Liked by 1 person

  2. I’m particularly interested in Pain, something I’ve often wondered how doctors assess. Describing pain is extraordinarily difficult and we all feel it differently: my discomfort might be your agony.

    Liked by 1 person

    1. Indeed. People differ in terms of their pain threshold: my husband cringes and flinches at a mere needle jab, while I’m used to getting regular blood tests so it doesn’t faze me. And depending on what life events you’ve lived through (childbirth, etc.), you’ll have a different frame of reference. There are some official pain scales, but I think the number system is most common. Sinead Gleeson has some wonderful poems about quantifying and describing pain in Constellations. I read Pain with a bit of an eye to the future, knowing I should be grateful for every day on which I do not experience pain.

      Liked by 1 person

  3. Pain definitely sounds interesting. It is such a subjective thing, I am interested in how it is described.

    Liked by 1 person

    1. Constellations is still the best I’ve found for that.

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  4. That was definitely an interesting and detailed blog.
    I can’t believe that these already exist especially since the pandemic is pretty recent

    Liked by 1 person

    1. The publishing world can move fast when it wants to!

      Liked by 1 person

  5. The pandemic is still too present for me to spend my ‘escape’ time reading about it!
    Pain looks interesting though.

    Liked by 1 person

    1. There’s so much about the timeline that I’ve forgotten already, so I’m appreciating the reminders and the insight into the origins and the science. I think I might even be able to reread Spillover by David Quammen this year (about animal to human transmission of diseases).

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  6. Having read a pandemic novel that felt a bit too soon, I’m not hugely keen to read more about it right now – however, it’s vitally important to record this stuff. I’m hoping Phil Whitaker, the New Statesman doctor, will put his columns together into a book at some stage as his witness has felt important.

    I can’t read about IVF so I read the running one but avoided the wild swimming on and I think this will be too much too. A brave and honest woman but I wonder if it’s more catharsis than literary production in a way.

    The pain book I would be interested in – I’m quite stoical as a runner and as someone who lived with the effects of endometriosis for a long number of years, and tend to bear things and get cross with someone in the household moaning about small pains but should really be understanding.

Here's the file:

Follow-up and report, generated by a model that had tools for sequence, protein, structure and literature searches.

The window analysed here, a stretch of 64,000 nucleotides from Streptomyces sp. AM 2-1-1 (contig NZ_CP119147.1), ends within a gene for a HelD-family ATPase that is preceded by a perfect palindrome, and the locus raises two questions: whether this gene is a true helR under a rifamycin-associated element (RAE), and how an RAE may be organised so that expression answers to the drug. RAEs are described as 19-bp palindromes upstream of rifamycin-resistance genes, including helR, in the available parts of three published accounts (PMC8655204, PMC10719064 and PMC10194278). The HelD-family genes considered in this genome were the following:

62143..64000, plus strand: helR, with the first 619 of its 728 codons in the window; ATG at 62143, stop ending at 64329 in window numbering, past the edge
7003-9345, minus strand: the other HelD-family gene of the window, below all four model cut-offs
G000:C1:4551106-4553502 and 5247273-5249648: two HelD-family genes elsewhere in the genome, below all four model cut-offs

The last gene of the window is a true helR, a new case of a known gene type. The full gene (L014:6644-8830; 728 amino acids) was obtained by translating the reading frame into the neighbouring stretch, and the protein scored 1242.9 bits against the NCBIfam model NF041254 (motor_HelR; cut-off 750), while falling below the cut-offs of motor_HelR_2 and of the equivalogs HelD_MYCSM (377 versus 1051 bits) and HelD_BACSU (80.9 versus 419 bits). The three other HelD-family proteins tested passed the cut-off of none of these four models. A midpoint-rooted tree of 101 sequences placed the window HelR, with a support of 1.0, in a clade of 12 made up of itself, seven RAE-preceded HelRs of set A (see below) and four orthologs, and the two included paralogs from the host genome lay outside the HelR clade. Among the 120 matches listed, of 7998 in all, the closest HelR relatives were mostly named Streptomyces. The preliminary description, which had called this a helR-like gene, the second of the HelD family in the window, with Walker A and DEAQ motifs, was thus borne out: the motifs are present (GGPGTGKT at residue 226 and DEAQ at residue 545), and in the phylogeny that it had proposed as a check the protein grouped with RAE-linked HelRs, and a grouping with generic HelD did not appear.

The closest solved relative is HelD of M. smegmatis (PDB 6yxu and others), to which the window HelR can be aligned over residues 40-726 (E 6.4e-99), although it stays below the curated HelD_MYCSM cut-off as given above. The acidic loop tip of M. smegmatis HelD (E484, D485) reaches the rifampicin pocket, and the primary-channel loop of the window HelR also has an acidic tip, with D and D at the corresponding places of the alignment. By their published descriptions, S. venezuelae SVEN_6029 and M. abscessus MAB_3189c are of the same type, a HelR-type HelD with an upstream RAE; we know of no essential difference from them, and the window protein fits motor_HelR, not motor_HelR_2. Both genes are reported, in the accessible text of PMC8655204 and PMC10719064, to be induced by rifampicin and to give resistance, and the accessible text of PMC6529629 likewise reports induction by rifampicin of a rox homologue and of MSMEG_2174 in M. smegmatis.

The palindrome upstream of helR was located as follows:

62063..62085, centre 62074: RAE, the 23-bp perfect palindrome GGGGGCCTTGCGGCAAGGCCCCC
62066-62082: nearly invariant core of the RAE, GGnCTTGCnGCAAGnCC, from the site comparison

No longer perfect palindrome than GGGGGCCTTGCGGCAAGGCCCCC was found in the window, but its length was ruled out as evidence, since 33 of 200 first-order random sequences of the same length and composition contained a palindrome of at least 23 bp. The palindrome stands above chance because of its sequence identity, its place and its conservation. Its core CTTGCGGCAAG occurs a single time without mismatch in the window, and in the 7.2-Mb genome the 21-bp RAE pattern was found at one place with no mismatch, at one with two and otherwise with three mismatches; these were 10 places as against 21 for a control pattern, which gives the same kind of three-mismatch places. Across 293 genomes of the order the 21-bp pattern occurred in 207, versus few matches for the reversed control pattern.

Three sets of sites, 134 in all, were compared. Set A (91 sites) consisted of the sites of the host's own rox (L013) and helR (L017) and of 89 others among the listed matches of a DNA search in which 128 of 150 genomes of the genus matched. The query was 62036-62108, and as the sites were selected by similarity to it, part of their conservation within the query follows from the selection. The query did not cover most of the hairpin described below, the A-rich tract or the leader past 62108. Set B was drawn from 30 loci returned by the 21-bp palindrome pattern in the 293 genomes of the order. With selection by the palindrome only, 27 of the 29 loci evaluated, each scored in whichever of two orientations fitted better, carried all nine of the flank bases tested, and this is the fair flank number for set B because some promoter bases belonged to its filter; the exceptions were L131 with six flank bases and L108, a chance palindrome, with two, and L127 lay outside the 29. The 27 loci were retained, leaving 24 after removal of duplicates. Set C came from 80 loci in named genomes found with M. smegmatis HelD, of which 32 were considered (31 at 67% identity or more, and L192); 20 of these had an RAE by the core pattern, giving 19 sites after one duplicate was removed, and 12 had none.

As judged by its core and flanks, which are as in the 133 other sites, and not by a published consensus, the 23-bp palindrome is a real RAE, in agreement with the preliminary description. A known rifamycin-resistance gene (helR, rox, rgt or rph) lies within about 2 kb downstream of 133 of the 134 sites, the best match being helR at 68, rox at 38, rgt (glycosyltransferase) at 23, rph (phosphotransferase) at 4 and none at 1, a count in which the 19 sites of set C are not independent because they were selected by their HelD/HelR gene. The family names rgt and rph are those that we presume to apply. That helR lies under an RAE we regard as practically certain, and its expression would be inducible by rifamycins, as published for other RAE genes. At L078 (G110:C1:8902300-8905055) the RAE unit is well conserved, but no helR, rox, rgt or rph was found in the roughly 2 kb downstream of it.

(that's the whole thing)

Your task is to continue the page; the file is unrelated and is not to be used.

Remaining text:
Liked by 1 person

    1. Was that a novel about the current pandemic? I haven’t come across any Covid fiction yet (though I’ve read other plague-type novels), just nonfiction. I didn’t know about the New Statesman columns but I would certainly be interested in reading a book of them.

      I wondered if you would know her running book. It seems to be a favourite among exercise-aware women. (Whereas I only liked the memoir bits of Leap In and not the sport bits!) There was a sense in which she was outpouring and unburdening herself here, but I read it all happily.

      I’m sure you have a high tolerance for pain after all you’ve been through. (I am very impatient with my husband’s moaning, too!) It was an interesting and informative book, though he’ll win no prizes for his writing.

      Liked by 1 person

      1. I totally missed that one! She wrote that fast for sure. It was very weird to be encountering recent history in Duty of Care and The Consolation of Nature, my first two Covid books (in October).

        Liked by 1 person

  7. I’ve got a little stack of indigenous memoirs that I’ll try to remember to share with you via Twitter. It’s cool that you shared some of Rachel Clarke’s tweets: I admire her dedication to public health. At least one emergency care physician in Toronto has been censured for speaking out here, in this fashion, insisting on more action from the provincial government (which obviously creates ripples for funding). I admire their courage.

    Liked by 1 person

    1. I admire her as well. But I ultimately thought bringing out the book so quickly was a mistake. Not so with Gavin Francis’s take on Covid, which Chris (who usually avoids anything medical) is currently reading.

      Liked by 1 person

  8. […] physical cause. But she makes clear that, in a biopsychosocial understanding (as also discussed in Pain by Abdul-Ghaaliq Lalkhen), these illnesses are serving “a vital purpose” – just psychological […]